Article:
Kristiana and I did a whole lot of walking on Sunset Beach two weeks ago. And I took a whole lot of photos on our walks and sits and various visits to the beach. As I went through the photos, I noticed a variety of levels and kinds of strength in the photos.
There were the manmade structures, like the cabana above. Staked into the ground at all four corners with thin cables and spikes, it was rather vulnerable to wind and water.
One night, we watched as a similar cabana dealt with the incoming tide. Abandoned by its owners or renters, the cabana covered several chairs, folded umbrellas, body boards and other paraphrenalia. Along with some strangers passing by, I moved all the things under the cabana farther up onto the beach so that they wouldn't get pulled out into the water as the tide rolled in. We left the beach as the water was lapping against all four stakes. I wanted to stick around and see how long the stakes would hold. The cabana was gone in the morning.
I am that cabana many days. Covering a multitude of other people's stuff, needs, and demands. Often forgotten, abandoned, and left to hold my own when life's waters, be they still or rough, lap around my feet and around my soul. Often I need help, sometimes from complete strangers, in keeping my stuff, my heart, and my soul safe from harm.
Several miles up the beach (like I said, we walked a lot!), we came upon the Kindred Spirit mailbox. (The mailbox holds several notebooks that have been written in and signed by beachgoers - telling stories of love, friendships, beauty, and kindred spirit. We signed our names in one of those books back in 2007 but not on this trip.)
We had made the long trek to this same spot four years ago and discovered that gaining access to the mailbox was not easy as the dunes were high and slippery. Many hurricanes and high tides later, the mailbox is within easy reach, still standing, but much closer to the shore than it was back then. I wonder if it is the strength of all those kindred spirits that keeps that mailbox and flagpole standing.
Many high tides of fear, many hurricanes of loneliness later, I'm still standing. Sometimes I say things like, "I have no idea how I'm still standing or why." But I know that it is only by God's grace, the love of friends, and a steadfast refusal to loosen my grip on hope that I'm still here.
The strength of sand is baffling to me. Its properties are equally confounding. It can hold a castle in place, but blow into my eyes with little provocation. It packs together when damp, but moves loosely when dry. It brings me joy when trampled underfoot in the sunshine, but makes me groan when crunched between my teeth. It is washed out to see during violent storms, but nearly impossible to remove from the scalp between my dreadlocs.
Do you see the rabbit? What strength it displayed when sitting still while we took photos, and what speed it displayed when we moved closer to get a clearer shot.
I was most impressed by the strength of the plant life at Sunset Beach. The most carefully tended garden patches and the finest grasses, the most delicate blossoms and the thickest bushes - they send their roots deep, their leaves high, and their faces to the sky. The sand blew. The waves crashed. And there they stood. They waved. They wavered. But they didn't move.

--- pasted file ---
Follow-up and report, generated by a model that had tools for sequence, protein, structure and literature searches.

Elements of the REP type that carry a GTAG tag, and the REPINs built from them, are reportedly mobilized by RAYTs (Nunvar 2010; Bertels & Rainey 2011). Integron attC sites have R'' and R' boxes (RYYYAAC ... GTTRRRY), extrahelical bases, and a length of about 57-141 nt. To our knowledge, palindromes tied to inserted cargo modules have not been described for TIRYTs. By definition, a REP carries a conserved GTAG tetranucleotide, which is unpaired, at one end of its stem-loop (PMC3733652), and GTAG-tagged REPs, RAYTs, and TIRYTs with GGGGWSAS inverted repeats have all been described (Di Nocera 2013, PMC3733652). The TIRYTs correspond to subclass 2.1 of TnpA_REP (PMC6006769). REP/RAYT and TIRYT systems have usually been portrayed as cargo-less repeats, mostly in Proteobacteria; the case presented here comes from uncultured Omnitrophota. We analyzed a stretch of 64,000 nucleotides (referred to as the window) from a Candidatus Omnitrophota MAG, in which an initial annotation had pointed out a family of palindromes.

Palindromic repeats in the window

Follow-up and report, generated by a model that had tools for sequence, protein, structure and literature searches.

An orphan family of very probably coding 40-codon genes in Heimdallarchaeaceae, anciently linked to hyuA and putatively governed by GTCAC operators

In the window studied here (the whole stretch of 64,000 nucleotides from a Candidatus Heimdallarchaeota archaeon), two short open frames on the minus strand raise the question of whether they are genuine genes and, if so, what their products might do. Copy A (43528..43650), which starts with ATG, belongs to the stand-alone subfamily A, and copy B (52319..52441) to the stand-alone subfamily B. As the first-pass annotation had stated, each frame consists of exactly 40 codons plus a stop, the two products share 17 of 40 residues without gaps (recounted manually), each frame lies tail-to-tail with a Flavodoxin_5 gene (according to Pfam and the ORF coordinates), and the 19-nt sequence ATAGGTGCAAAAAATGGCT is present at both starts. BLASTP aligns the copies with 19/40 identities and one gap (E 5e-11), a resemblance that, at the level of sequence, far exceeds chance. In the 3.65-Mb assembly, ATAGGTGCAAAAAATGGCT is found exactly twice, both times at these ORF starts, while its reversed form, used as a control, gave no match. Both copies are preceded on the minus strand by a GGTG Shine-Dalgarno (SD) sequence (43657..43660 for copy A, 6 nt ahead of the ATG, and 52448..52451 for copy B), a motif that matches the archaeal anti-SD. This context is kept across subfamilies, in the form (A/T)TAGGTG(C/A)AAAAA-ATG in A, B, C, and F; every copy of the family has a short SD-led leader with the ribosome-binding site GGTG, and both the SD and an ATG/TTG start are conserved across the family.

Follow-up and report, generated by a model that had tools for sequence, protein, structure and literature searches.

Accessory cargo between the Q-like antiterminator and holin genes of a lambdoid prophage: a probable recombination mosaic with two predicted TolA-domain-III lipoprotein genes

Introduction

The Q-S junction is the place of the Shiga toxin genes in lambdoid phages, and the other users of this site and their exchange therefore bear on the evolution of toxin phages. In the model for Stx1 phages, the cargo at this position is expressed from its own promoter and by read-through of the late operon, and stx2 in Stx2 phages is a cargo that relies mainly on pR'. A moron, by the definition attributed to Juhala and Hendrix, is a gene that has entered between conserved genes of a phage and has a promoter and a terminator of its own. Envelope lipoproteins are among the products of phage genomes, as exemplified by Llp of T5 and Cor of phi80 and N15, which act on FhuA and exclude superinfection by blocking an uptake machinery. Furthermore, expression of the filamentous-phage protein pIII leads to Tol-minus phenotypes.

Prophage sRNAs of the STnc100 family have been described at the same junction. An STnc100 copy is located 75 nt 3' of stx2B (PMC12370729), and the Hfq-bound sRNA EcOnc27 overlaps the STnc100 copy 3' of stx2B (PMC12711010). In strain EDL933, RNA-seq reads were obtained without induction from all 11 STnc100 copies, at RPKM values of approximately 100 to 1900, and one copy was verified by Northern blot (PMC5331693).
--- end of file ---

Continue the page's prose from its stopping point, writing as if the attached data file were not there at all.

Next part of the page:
When I grow up, I want to have roots as deep and shoots as strong as those plants.
What was the story behind the placement of these flowers under the Sunset Beach pier? Were they meant to honor a life lost or a new life begun? Such fragile strength, such strong beauty.
The longest list of questions was written in the notebook of my soul when we came upon this jetty at the end of the beach.
Where on earth did those rocks come from?
Who brought them there?
What massive implements had been used to transport them to this place?
How long has it been here?
Did anyone get hurt while working on it?
Who created this pile of stones?
What did it mean to him or her or them?
What would such an altar signify in my own life?
What would it take to move these stones again?
Where on earth does your strength come from?
What did it take to get you to where you are now?
Who helped you carry the stones in your life?
Has anyone gotten hurt in the building of your life?
Where have you built an altar of gratitude and praise for the victories?
What would it take for you to give thanks to those who helped bring you thus far on your journey, to honor those who have walked with you and carried your burdens along with you?
Having survived all that you have survived in your life, what would it take to move you from your current place of thankfulness, peace, joy, and strength?
And don't shake your head and say foolish things like, "I'm not strong. I can barely make it through each day." Look around you. You are still here. You are still studying, girl. You are still working, my friend. You are still mothering and fathering. You are still being a loyal daughter and son, sister and brother, niece and nephew. You are still on this journey of life and love, and you are not alone.
You are strong. You are wise. You are growing.
You are being transformed from glory to glory.
Feathers stuck in the sand. Strength. Simplicity. Beauty. Stillness. Presence.
A fragile reminder of a fleeting life, a life in motion.
I am reminded of Psalm 91.
The one who dwells in the shelter of the Most High
will rest in the shadow of the Almighty.
I will say of the Lord, "God is my refuge and my fortress,
God, in whom I trust."
God will cover you with his feathers,
and under God's wings you will find refuge;
God's faithfulness will be your shield and rampart.
How can I not love a God who is my refuge and my fortress,
but who also covers me with feathers and offers me rest in his shadow?
A strong God. A tender God. A protective God. A caring God.
Thanks be to God.